The things we do: Fighting fires in the
Yukon and northern BC
For several hair-scorching days,
Jeff Stanhope, Industry Canadaís Industry Liaison and Spectrum Officer in the
Yukon Field Office, helped out with communications activities at some of the
fire sites, including a microwave site that was threatened by the wild forest
fires raging in northern B.C. and the Yukon.
The last bulletin we received from Yukon Wildland Fire Management mentioned 229 fires in the Yukon so far and a loss of more than 1,300,000 hectares of forest. Thatís more than twice the size of Prince Edward Island gone up in smoke, and growing.
And our own Jeff Stanhope was in the thick of it providing on-the-ground emergency telecommunications. Hereís an abridged version of the report he sent in. Get your map out. ďI just got back around midnight last night after a good five days of fairly intense communications work at the Swift River/ Swan Lake fire.
The Yukon Joint Emergency Operations Communications Centre was activated around 1:30 AM on Thursday. I was called out around 3:30 AM on the 24th and was able to load up and get underway with a fellow EMO volunteer by 7:30. I arrived on scene around 10:00 AM and set up tactical relay communications for forestry and provided an interagency communications liaison with Highways and the RCMP.
This continued for two days at one location near a mosquito-infested highway pull-out and then we moved up the road to the McNaughton microwave site 7(km west of Swift River), once it was deemed safe enough to do so. The McNaughton Microwave site was the site originally in danger.
Major communications responsibilities also included relays to the Dease Lake, BC, fire base for aircraft check-ins, air traffic advisories and other assorted BCFS-related matters such as logistical requests.
It was not until Saturday that a forestry repeater finally showed up. This reduced the load considerably on the EMO communications team, but still did not release us from other required relayings of communications such a aircraft flight checks to Dease Lake and relays from Yukon Fireline (the nearby Yukon fire in Pine Lake) to the BC team.
We were doing communications that were operational in nature and that should have been done by the agencies themselves, but it was impossible for us to leave, because the BC people were being stretched past the breaking point across the province and unable to get any logistics people.
Itís a very difficult link to the Dease radio system. Our shot was obstructed by several mountains over the 160 kilometre path and often the smoke would attenuate the VHF signal by several DB, rendering the link unuseable at times. As it was, we alternated between a 210C4 large antenna (highway location) and a normal roof mount antenna.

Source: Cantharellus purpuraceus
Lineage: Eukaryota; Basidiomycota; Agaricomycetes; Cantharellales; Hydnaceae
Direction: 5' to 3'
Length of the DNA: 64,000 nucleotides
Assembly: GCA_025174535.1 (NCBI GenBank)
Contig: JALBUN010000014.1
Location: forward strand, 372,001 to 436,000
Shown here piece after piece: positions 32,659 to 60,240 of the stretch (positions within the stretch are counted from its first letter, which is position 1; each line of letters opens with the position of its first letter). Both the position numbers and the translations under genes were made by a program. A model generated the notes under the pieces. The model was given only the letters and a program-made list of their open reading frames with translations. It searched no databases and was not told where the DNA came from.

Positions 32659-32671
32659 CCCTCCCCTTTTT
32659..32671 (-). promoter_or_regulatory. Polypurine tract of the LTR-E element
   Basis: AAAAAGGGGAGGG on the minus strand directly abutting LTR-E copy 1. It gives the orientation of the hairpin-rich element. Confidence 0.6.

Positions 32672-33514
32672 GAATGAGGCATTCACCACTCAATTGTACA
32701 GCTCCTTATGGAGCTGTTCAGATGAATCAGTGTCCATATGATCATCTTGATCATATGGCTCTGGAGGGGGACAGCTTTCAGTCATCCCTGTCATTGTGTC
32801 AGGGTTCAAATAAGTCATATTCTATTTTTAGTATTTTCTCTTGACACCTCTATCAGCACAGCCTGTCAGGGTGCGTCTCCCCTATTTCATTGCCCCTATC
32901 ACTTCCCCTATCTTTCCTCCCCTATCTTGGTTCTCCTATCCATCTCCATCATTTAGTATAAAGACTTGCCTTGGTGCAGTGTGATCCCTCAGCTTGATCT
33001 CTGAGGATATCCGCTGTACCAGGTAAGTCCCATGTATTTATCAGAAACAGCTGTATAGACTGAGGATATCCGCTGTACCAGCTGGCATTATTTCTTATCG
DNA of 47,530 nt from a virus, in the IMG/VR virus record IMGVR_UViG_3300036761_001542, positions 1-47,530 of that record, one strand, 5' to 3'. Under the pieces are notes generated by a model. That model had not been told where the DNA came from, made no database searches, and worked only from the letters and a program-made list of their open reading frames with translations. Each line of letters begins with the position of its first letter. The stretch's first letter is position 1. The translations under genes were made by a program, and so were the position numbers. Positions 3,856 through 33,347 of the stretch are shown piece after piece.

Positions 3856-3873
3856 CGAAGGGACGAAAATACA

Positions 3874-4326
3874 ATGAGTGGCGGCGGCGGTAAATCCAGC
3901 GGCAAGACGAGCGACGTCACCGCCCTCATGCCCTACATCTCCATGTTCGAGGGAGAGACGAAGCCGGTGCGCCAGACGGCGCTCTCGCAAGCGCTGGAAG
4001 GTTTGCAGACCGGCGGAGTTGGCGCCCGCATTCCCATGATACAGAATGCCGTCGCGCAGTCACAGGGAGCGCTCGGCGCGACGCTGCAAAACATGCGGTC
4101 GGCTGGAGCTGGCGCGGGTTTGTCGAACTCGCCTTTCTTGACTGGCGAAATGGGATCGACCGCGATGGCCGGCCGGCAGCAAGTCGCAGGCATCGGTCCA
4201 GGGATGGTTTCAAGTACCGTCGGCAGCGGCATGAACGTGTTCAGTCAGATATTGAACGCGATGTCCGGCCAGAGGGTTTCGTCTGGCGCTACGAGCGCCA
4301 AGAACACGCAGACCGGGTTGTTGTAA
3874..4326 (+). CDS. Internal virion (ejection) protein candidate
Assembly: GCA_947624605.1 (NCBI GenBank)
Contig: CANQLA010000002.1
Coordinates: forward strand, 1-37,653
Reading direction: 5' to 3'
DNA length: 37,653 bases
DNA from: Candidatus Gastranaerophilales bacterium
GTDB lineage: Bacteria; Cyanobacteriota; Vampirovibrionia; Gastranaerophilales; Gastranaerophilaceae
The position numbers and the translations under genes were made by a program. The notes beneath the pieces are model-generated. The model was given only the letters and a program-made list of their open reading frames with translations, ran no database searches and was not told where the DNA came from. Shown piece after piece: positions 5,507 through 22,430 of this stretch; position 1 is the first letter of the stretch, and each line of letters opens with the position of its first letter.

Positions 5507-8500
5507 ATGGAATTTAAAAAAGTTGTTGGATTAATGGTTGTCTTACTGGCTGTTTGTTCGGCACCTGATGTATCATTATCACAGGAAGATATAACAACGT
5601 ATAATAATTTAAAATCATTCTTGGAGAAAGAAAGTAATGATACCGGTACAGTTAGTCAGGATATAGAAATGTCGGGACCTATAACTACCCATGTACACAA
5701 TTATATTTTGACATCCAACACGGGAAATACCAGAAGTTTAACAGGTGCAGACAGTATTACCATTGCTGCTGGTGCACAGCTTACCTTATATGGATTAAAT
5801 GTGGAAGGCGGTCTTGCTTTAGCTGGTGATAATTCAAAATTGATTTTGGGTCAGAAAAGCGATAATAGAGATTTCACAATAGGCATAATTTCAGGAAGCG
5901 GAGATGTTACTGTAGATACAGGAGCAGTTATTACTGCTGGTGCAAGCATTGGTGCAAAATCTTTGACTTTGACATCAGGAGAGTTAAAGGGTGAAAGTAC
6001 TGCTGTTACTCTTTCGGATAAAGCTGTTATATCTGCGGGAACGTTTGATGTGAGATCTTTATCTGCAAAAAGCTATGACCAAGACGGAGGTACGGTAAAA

The radios we used were the specialized equipment, repeaterized version of the high powered Syntor X 9000, and were programmed on the fly as required by the changing site situations.
After five full days of hectic, sleep deprived work, the EMO team was really required to return to Whitehorse at some point. After three days of "next day we'll get out for sure", we finally reached an agreement to disengage. The EMO communications teams would have asked for relief from Whitehorse sooner, but each day we thought the next one would be the last.
In terms of highway closures, we had to initiate this several times based on instructions from the forestry crews either because of impending fire jumps or the thick smoke, which often dropped our viability down to less than 100 meters. At one point in fact, we were "trapped" at the Swan Lake Lodge when the fire had some extreme unexpected behaviour and roared past within 100 Meters of the highway turn-off to where we were, or about 250-300 meters away. The Ontario crews who were with us were very calm and confident that their building and forest sprinkler system would hold, which it did just fine, and the fire just went past us. This site, by the way, had already been secured by the Yukon Team well before the BC and Ontario folks could get set up and they essentially saved the resort by creating a ring of blackened forest. The new crews were simply reinforcing this barrier.
Most highway closures only lasted about 2-3 hours but still involved 100's of RV, transports, and other vehicles. When opening the highway, pilots were used and, after that, staged and controlled releases to avoid aggressive traffic mayhem. Most every motorist was well behaved with only limited shoving and pushing at the Swift roadblock when some could not understand why we could go through but not them.
All in all, the whole operation was a model of interdepartmental and inter-jurisdictional cooperation. Agencies shared and continue to share resources as required, without a thought to who "owned" them. This was the case both with the fire at Swan Lake (BC), but also between Swan and the Pine Lake fire nearby (YT). I don't know if we will be required again, but it seems unlikely at this time as the fire seems to be getting under better control all the time though probably won't be completely out until the fall."
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